“I love my uniform, I always say to people ‘don’t you think it looks friendly?” says Carol Looby, a volunteer for the Home from Hospital service in Leeds.
Carol works with the Home from Hospital Service which supports people in the immediate post-discharge from hospital period by providing practical support for anything up to 6 weeks. The aim of the service is to ensure a smooth transition for people returning home from hospital a time that, for some people, can be very difficult. Carol tells us more about what being a volunteer means to her.
“I find volunteering very rewarding because I have first-hand experience of what it’s like to need support after being discharged from hospital. I’ve received thank-you cards and chocolates. It’s fun and my bosses make me feel special.”
Carol was put in touch with the Red Cross who provide the service by nurses at the Leeds General Infirmary where she was being treated for a broken hip in December 2012. By July 2015, she will have supported around 50 people in their homes who, without the support of this service would have been kept in hospital.
She is full of praise for the compassionate treatment she received by ambulance staff and the nurses who looked after her for four days at the LGI.
Carol knows first-hand what the Home from Hospital scheme can do “When I arrived home from hospital Beth had done my shopping and had brought me a zimmer frame and a frame to help me to get onto the toilet. Then Aasim used to bring me fish and chips and do my shopping once a week. My mum got ill and was in hospital and Aasim took me to see her in Bradford when I wasn’t able to drive.”
Beth Finch, the service coordinator who prepared Carol’s home for her return, and who is now her boss, describes Carol is a ‘highly motivated and dedicated volunteer carer’.
“I remember meeting Carol when she was on Ward 37 at the Leeds General Infirmary. She was such a happy patient, she was always smiling and always looked at the positives with her situation. She was so appreciative of all the support the nursing staff had given her and for the fact they had cared enough to put her in touch with the Home from Hospital Service, not only for the support she received following discharge but for the way it allowed her to improve her quality of life and ability to give back to her community through becoming a volunteer carer.”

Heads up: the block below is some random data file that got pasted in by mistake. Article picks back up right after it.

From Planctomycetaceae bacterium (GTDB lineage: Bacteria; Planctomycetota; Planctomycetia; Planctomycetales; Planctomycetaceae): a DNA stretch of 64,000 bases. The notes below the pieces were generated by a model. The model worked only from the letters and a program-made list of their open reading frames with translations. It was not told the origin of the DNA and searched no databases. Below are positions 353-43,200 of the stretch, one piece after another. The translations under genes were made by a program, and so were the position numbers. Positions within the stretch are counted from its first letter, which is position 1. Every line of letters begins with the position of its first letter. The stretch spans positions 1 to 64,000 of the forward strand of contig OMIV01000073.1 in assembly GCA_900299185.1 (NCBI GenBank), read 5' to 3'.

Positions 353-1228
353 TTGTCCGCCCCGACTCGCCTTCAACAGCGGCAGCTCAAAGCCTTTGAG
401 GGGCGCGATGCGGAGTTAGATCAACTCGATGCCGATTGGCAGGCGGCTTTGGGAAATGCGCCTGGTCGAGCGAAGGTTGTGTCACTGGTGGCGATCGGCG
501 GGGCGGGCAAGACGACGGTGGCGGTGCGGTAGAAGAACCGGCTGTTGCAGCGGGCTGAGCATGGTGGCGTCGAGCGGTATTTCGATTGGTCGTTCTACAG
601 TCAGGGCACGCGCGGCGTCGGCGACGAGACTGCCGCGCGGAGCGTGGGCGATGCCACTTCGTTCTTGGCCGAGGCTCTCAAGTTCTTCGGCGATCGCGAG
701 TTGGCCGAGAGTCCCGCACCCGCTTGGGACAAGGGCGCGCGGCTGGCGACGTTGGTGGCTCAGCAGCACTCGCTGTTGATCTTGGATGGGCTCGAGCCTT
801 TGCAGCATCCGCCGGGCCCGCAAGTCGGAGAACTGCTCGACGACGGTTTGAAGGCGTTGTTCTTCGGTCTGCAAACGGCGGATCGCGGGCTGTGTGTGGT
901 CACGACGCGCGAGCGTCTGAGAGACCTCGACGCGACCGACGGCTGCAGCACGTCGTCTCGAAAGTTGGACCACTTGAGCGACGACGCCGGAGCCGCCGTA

Of the numerous activities Carol has been involved with as a volunteer, shopping is her favourite.
“I just love shopping. There’s someone I work with and I change her bedding, do the vacuuming and put the bins out. I like dusting and vacuuming because I can chat to people at the same time. Some people just want me to go out with them for lunch to help build their confidence back up and there’s one lady who I’ve gone on a bus with to get her used to going out and about again.”
Carol has osteoporosis and is unable to perform tasks which involve a lot of bending down or heavy lifting but she says that her condition doesn’t pose any problems.
The Home from Hospital scheme treats thousands of patients a year, preventing patients from becoming isolated, keeping them independent and restoring confidence. work with and support patients at home, avoiding hospital admissions or re-admissions.
Typical help includes providing emotional support or companionship, assistance with shopping, getting to health appointments, form filling, collecting prescriptions, sign posting to Neighbourhood Network Schemes in their area, therapeutic care, and medical loan – wheelchairs and commodes.
People will typically be referred to the service by their GPs or other health professionals.
You want can find out more about the Home from Hospital scheme here